‘Wasp’ is an English word, but ‘telk’ is not. You and I know this because we speak English. But in a French laboratory, six baboons have also learned to tell the difference between genuine English words, and nonsense ones. They can sort their wasps from their telks, even though they have no idea that the former means a stinging insect and the latter means nothing. They don’t understand the language, but can ‘read’ nonetheless.
At its most basic level, reading is about recognising patterns. We look at letters (or other symbols) and identify them based on their number, position and angles of lines. This is a trivial task, and one that doesn’t require any language. Letters are no different to any other object in our environment that we can recognise. A pigeon can be trained to do discriminate between letters.
The next step is harder. We unite letters into words by looking at their positions relative to one another. This is called “orthographic processing”. It’s the stage where, according to general consensus, language kicks in. As we see clusters of letters, we think about the sounds they represent and we read the word aloud in our heads. But Jonathan Grainger from Aix-Marseille University has shown that orthographic processing can happen without any knowledge of language, or how words are meant to sound.
Grainger trained baboons to recognise English words, and tell them apart from very similar nonsense words. The monkeys learned quickly, and could even categorise words they had never seen before. They weren’t anglophiles by any stretch. Instead, their abilities suggest that the act of reading words is just a more advanced version of the pattern-recognition skill that lets us identify letters. It’s a skill that was there long before the first human had scrawled the first letter.
The baboons lived in a unique facility designed by Joel Fagot, where they can volunteer for experiments. Their enclosures included touch-screens that would flash a real four-letter English word, like ‘done’, ‘land’ or ‘vast’, or non-words, like ‘dran’, ‘lons’ or ‘virt’. The baboon had to categorise the words and non-words by touching one of two shapes. If they got the right answer, they earned a tasty reward. Unlike many similar experiments, the animals decided when they wanted to take part.
None of the six baboons had seen words or letters before. But over a month and a half, and thousands of trials, all of them learned to distinguish words from non-words with around 75 per cent accuracy (50 per cent would be pure guesswork). The most successful of them – Dan – built up a vocabulary of 308 words.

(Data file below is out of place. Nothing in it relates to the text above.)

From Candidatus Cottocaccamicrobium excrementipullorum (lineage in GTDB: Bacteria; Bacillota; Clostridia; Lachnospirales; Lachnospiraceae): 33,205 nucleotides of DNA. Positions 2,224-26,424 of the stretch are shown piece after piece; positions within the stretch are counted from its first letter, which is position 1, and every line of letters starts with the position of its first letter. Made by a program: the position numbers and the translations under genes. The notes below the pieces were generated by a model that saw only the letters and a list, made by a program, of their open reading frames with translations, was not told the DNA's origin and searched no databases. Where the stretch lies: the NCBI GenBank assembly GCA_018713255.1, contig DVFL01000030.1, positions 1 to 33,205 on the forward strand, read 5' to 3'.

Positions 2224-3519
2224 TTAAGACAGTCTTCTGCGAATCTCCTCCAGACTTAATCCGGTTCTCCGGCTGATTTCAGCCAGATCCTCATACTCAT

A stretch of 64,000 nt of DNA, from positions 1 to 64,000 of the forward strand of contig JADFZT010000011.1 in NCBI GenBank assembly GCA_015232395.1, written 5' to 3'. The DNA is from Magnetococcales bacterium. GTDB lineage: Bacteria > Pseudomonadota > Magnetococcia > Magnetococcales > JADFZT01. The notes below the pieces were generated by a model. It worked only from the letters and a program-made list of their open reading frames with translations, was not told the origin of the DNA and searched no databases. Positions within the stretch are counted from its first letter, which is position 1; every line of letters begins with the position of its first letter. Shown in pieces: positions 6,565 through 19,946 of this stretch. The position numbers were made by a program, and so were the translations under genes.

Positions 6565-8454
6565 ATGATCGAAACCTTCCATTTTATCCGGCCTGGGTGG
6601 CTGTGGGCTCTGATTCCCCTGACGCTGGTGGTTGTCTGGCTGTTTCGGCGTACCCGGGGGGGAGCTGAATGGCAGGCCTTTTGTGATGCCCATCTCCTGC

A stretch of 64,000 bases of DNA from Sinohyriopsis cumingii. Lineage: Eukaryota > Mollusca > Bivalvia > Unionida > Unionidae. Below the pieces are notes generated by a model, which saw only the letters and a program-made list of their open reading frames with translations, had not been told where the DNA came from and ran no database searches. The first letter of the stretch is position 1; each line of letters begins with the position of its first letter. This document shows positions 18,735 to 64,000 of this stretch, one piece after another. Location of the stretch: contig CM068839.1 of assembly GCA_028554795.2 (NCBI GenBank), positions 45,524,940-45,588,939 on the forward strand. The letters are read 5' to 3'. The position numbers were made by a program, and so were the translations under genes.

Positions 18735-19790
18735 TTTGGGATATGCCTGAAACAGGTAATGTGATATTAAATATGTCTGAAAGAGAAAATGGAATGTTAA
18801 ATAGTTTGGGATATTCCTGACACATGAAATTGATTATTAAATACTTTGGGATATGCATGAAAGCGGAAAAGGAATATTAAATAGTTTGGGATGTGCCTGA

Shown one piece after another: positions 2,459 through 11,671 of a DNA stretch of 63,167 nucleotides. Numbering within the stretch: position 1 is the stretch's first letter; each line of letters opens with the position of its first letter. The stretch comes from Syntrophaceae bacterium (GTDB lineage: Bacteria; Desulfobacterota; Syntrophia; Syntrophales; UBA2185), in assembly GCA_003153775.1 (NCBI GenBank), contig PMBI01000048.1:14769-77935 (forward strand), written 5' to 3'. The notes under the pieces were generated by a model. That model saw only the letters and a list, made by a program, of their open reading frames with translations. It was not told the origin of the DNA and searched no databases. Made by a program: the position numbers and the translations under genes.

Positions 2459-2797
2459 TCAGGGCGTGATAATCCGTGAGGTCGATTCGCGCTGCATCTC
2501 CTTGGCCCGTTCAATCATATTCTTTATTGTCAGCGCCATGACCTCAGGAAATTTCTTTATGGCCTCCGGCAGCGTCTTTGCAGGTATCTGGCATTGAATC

Their achievement is remarkable, not least because the non-words were very similar to the actual ones. Rather than obvious fakes like ‘qzxc’, they all contained pairs of letters that occur in real words, although they veered towards rarer combinations. And the monkeys weren’t just memorising the words. They were still more likely to pick a set of letters they had never seen before, if it was an actual English word.
Grainger thinks that the baboons learned to tell the real words from the fakes by using the frequencies of letter combinations within them. They learned which combinations were most likely to be found in real words, and made their choices accordingly. They had gleaned the stats of English, without any knowledge of the language itself.
Stanislas Deheane, one of the leading figures in the science of reading, thinks that the study is “extraordinarily exciting”. He says, “It fits very nicely with my own research, which suggests that reading relies, in part, on learning the purely visual statistics of letters and their combinations.”
But Noah Gray, a neuroscience editor at Nature, says that “Dan” may have skewed the results by performing exceptionally well. “The “animal genius” effect is big,” he said on Twitter. “Remove ‘Dan’ & effect isn’t nearly as impressive.”
, Grainger’s study also suggests that the primate brain was already pre-adapted to process printed words. When we invented writing systems, we co-opted ancient neural circuits that help primates to recognise patterns. This shouldn’t be surprising. Written language is only around 5,000 years old, and millions of people today still cannot read. We can, however, develop that ability very quickly. In the 19th century, when the Cherokee of North America finally invented a writing system for their spoken language, they started learning and using it within a single generation.
Deheane has shown that one part of the brain, of the many that activate when we read, selectively buzzes in response to written characters, rather than other sights or spoken words. This region is known as the left visual word form area (VWFA), and Deheane now wants to see if Grainger’s baboons activate the equivalent area when they discriminate between real and fake English words.
By recording the activity of individual neurons in the brains of baboons, while they look at words, Deheane thinks it will be possible to “examine the neural code for written words”. He suspects that we will find “bigram neurons”, which are tuned to a specific combination of two letters, such as ‘EN’. “I can’t wait to see if this prediction holds up,” he says.
Reference: Grainger, Dufau, Montant, Ziegler & Fagot. 2012. Orthographic Processing in Baboons (Papio papio). Science http://dx.doi.org/10.1126/science.1218152
Updated: to include Noah Gray comments
Photo by Joel Fagot; images from Science/AAAS
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